In a last-minute flash of inspiration, Michelle determines to “level up the authenticity” by bearding each of the shepherds. A mad dash is made to the arts and crafts room, and Michelle returns with a brown washable marker. Though some of the boys squirm, most receive their Crayola facial hair willingly. Regrettably, the ink runs low halfway through the final herdsman’s makeup, and young Grayson Highler must perform with only lengthened sideburns.


5:21 PM: Parkview’s sanctuary begins to fill with eager family members. In a peculiarity seen only once per year, the church rows fill in a mostly front-to back sequence. “The pew cushions up here sure are comfortable,” one pleasantly-surprised retiree remarks. “It’s almost like they’ve never been used.” Another middle-schooler discovers a children’s bulletin printed seven years earlier inside one of the hymnals. The Barak and Deborah word search is only half-completed.


5:46 PM: After nearly twenty minutes of waiting around in row five, reluctant attendee Todd Rice (first cousin to Kira Wesley) busies himself with memorizing the pew Bible’s Table of Weights and Measures. He is saddened to find no good mnemonic device for learning the lethek to ephah conversion.

“There is a grand total of 318 ceiling tiles in here,” whispers someone a few rows back.


6:02 PM: Following organist Betty Zingerman’s stirring prelude (a cut-time medley of Mary, Did You Know, Coventry Carol, and Chestnuts Roasting on an Open Fire), Pastor Mebler welcomes the congregation with the words of Micah 5 and with a regrettable comment about Mrs. Mebler’s Christmas sweater. All church members are invited to stand and sing O Come, All Ye Faithful while the children process down the aisle to their positions.


6:07 AM: The program begins with the Preschool Department’s performance of Away in a Manger. All of the song’s hand motions (rock-the-baby, cheek-on-the-hands, and look-down-from-the-sky) masterfully mirror those of the adult helpers in the front row. Unfortunately, the closing bars are impacted by first-year helper Jessica King’s “sing louder” gesture, which prompts each of the cherubs to dutifully lift cupped hands to their ears, offering a faint impression of diminutive Christmas elephants.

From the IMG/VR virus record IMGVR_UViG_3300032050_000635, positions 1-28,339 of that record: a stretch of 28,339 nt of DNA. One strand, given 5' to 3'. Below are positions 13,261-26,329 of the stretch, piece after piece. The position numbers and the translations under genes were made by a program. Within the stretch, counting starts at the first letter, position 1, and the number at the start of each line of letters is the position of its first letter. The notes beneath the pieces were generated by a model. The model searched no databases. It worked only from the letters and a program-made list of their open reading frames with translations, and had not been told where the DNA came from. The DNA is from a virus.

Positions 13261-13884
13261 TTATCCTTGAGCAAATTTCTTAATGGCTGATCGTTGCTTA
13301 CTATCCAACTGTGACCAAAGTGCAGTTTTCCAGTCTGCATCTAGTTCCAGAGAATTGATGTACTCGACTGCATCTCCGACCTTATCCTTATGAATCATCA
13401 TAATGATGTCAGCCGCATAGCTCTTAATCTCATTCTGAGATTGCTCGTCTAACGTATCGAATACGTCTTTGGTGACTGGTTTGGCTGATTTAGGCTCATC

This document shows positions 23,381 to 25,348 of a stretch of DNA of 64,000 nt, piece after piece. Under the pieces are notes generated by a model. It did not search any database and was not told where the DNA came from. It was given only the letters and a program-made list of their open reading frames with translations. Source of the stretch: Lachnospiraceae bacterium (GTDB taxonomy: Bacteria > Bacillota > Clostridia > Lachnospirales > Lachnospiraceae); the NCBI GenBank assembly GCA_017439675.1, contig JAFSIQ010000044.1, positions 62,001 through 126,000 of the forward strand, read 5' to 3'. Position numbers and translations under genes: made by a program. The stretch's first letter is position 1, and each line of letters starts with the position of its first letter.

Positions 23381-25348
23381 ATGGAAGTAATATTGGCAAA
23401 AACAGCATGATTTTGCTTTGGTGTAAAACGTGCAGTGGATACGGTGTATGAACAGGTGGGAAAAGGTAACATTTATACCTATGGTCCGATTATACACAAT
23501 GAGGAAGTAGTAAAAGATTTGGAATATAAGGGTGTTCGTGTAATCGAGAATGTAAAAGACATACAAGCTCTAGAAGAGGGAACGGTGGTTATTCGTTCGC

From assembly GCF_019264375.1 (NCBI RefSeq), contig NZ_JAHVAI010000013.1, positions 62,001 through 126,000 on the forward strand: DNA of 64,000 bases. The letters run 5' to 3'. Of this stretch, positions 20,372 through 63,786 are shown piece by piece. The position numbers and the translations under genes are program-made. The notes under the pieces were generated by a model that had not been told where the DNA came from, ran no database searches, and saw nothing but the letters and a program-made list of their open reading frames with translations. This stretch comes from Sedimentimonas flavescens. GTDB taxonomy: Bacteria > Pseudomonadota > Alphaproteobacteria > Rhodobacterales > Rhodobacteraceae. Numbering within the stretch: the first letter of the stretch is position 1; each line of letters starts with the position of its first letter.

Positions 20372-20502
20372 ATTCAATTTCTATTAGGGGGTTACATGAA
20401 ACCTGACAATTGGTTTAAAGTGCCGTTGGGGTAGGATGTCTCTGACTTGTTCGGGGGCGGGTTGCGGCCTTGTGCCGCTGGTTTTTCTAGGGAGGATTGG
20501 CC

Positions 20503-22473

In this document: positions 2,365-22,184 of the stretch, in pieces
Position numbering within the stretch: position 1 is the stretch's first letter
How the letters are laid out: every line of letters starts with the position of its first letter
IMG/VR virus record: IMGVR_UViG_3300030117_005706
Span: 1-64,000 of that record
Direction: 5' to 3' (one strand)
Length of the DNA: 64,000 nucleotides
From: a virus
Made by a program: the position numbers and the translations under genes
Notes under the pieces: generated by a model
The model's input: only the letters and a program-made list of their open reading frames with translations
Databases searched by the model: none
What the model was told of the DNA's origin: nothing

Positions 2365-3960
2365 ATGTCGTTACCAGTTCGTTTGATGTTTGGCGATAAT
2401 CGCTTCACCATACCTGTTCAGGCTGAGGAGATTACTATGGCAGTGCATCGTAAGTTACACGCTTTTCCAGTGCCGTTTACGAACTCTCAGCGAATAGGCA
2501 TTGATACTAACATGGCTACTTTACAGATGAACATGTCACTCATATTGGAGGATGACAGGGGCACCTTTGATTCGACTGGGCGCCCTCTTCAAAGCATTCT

6:12 PM: Soft sobbing is heard from the congregation’s right flank after two-year-old Mackenzie Todd drops a butterscotch candy midway through Gabriel’s announcement. Like an ill-fated Plinko chip, the candy rolls down the gentle slope of the sanctuary floor, eventually emerging between the feet of councilman Bill Griffith. After briefly considering his options, Bill slips the butterscotch into his shirt pocket.


6:17 PM: Three-year-olds Lily Franklin and Brenna House, allowed to remain seated on the front step of the platform during the first two verses of Once in Royal David’s City, create a small stir by lifting their dresses over their heads in an evidently synchronized maneuver. Gratefully, the scandal was minimized by the girls’ mothers who had prudently added additional layers of leggings to their daughters’ ensembles.


6:22 PM: The Preschool Department’s final number has come. Brightly colored handbells are distributed to each of the children for the presentation of Jesus Bells, an exploration of Christ’s dual natures set creatively to the tune of Jingle Bells: “Ful-ly God, Ful-ly Man, Ly-ing in the Hay…”

“Groundbreaking,” whispers Frank Robinski to his wife. “This is the kind of innovation we’ve been looking for.”


6:27 PM: The fourth grade class lines up to recite Luke 2. Fanned out across the front of the platform, they proceed through the text.

Josh Adkins approximates the governor’s name “Curious the Syrian”.

All goes relatively well through Mariah Marks’ “good news of great joy for all the people.” But it becomes apparent thereafter that the single available microphone lacks the necessary cable to reach Jason Long, assigned to verses 11 and 12.  Recognizing the issue, Flo urges each of the fourth graders to take three giant steps to the right. The subsequent jostling lacks military precision.

Eventually, the microphone finds Emmet Bass (verse 20), but not before three students choose instead to holler their memorized passages in the general direction of the audience.

Pastor Mebler sighs: “Those lines will never make it onto the recording.”